The Broad Ripple Park Carousel was designated as a National Historic Landmark on February 27, 1987.

©Donna Cazadd Attribution-NonCommercial-ShareAlike (CC BY-NC-SA 2.0) – License

Constructed in 1917, the Broad Ripple Park Carousel is located at the Children’s Museum of Indianapolis. The carousel was built for an amusement park that was located in White River in Indianapolis. That is where it remained until 1956. For many years it was not in use. When the Children’s Museum of Indianapolis was given the carousel they decided to restore it and make it functional again. Today, the carousel can be ridden and it contains 42 animals of different varieties including a deer, a lion, a tiger, and giraffes.

Conclusion

And there you have it, these are six of the best national historic landmarks in Indiana to visit. Each of these historic landmarks represents a time in our nation’s history that shaped what would happen in the future. As you walk through these landmarks, imagine what life was like back then and the history that took place there. It is quite fantastic to think about that.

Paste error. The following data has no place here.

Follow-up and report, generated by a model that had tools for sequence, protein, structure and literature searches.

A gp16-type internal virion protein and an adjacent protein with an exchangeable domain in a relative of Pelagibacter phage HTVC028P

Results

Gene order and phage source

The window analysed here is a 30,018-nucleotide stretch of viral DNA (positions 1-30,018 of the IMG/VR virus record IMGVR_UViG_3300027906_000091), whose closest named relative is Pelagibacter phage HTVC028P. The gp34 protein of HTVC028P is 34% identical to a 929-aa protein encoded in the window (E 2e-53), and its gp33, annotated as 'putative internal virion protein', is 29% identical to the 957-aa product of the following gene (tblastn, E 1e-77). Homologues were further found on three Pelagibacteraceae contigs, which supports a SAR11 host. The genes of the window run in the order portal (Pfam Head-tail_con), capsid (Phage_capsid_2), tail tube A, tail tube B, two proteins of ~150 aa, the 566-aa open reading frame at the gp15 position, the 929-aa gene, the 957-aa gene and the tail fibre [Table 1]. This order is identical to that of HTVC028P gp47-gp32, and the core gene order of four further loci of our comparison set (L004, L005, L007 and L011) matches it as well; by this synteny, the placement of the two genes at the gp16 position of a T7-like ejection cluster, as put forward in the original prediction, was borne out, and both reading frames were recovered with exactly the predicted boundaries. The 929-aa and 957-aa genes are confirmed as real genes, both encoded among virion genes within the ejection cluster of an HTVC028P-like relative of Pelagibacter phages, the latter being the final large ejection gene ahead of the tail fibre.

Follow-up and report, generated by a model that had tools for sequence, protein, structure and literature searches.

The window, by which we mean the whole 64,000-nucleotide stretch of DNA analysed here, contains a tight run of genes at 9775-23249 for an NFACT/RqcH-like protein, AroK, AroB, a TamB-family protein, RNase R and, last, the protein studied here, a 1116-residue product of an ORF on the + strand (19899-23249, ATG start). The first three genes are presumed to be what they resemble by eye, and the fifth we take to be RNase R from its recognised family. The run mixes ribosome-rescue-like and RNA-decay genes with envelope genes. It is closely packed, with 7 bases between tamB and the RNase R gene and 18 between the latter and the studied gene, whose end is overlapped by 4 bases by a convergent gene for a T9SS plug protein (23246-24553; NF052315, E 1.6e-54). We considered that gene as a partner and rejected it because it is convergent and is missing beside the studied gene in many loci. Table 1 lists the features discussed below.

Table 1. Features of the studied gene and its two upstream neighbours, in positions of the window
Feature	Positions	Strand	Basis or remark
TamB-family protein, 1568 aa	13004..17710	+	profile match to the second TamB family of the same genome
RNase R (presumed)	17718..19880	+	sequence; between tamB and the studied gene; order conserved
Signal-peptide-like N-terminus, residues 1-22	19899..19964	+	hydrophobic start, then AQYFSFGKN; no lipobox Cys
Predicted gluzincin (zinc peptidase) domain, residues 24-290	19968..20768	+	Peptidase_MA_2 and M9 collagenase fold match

The photo featured at the top of this post is © LorenzoT81/iStock via Getty Images


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About the Author

Patrick Macfarland is a writer at A-Z Animals primarily covering travel, geography, and history. Patrick has been writing for more than 10 years. In the past, he has been a teacher and a political candidate. He holds a Bachelor's Degree in Political Science from SDSU and a Master's Degree in European Union Studies from CIFE. From San Diego, California, Patrick loves to travel and try new recipes to cook.